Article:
Are you ready to leap from a casual hiker to a full-fledged backpacker? Blue Ridge is full of accessible escapes that are far enough distance to make your first foray into the backcountry overnight. From spruce groves in the mountains to isolated wetlands near the coast, here are some beginner-friendly destinations with easy-to-understand routes and minimal elevation changes.

Explore Alpine Meadows at Spruce Knob, West Virginia-Seneca Creek Backcountry

The Spruce Nobu Seneca Creek Backcountry on the side of Mt. Spruce, a tributary of the Allegheny Mountains in West Virginia, is a wonderland for backpackers. Crowned at 4,863 feet Spruce knobThe state’s highest backcountry stream, Swath, has more than 60 miles of interconnected trails that wind through high-altitude spruce groves, alpine meadows, cherries, birch, and maple mixed hardwood forests. I am.

Where are you going: For a bite-sized taste in the backcountry The Seneca Creek Trail and Judy Springs Trail create a backcountry full of spectacular backcountry campsites. Depart from Seneca Creek Trail Head on Forest Road 112, about 5 miles south of Spruce Nobu, and continue on the Seneca Creek Trail, which embraces the stream, until the trail merges with the Judy Springs Trail. Near the trail junction is a short spar trail to a rock-covered natural hot spring. The 0.7-mile Judy Springs Trail then strips into mountain meadows with plenty of quiet spots for stakeout for the night. After sunset, listen to the competing calls of barred owls and coyotes.

See the stars at SkyMeadows State Park

Fixed to colonial farm debris, Virginia’s SkyMeadows State Park preserves patchwork of trail thread forests and meadows in the Crooked Run Valley, just east of Blue Ridge. Designated as an International Dark Sky Park last year, the protected area is an ideal place to see the universe and is a great trip to get started with backpackers. Open all year round, the park’s backcountry campgrounds have 15 individual campgrounds, spaced enough to provide the night forest-like mystery of the backcountry. But it doesn’t make it pretty rough. Backpackers have water, firewood and drop toilets, and the campsite has a picnic table and a ring of fire.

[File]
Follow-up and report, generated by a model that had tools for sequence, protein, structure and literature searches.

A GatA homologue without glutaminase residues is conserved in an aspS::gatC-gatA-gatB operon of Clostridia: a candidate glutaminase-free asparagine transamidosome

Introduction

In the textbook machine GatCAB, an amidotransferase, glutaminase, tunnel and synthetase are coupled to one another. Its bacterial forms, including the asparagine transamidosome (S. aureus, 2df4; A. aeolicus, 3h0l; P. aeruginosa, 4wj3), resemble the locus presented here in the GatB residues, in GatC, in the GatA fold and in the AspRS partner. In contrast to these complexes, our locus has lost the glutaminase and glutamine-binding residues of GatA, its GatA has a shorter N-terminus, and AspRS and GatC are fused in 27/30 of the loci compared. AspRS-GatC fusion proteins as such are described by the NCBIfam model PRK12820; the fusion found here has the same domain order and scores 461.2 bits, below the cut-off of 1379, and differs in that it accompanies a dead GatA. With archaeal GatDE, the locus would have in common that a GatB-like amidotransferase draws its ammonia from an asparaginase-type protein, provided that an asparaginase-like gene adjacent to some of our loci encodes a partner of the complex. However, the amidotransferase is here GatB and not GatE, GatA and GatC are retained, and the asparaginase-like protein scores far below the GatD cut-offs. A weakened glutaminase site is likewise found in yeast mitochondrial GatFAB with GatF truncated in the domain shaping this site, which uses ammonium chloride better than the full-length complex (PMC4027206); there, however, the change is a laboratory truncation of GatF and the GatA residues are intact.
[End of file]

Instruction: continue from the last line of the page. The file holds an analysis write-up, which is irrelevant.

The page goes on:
Where are you going: Backcountry campgrounds are just 1.6 km (1 mile) from overnight parking, through the popular meadows of eastern bluebirds and swallowtails, and thanks to family trekking along the Hadou Trail. Longer loops are possible. The park has a total of 22 miles of trails, extending 2.3 miles along the winding Appalachian trails along the lush ridges that follow the northern end of the protected area.

Find a Stream in South Mountain State Park

South Mountain State Park, North Carolina, is an ecologically rich transition zone between Piedmont and Blue Ridge, Carolina, a wonderland for new backpackers. North Carolina’s largest state park, the protected area, is covered by South Mountain’s hump-filled peaks, crowded with trout streams rolling down waterfalls, all exhibited along a 49-mile trail network. And for backpackers, there are seven different backcountry campgrounds scattered throughout the park.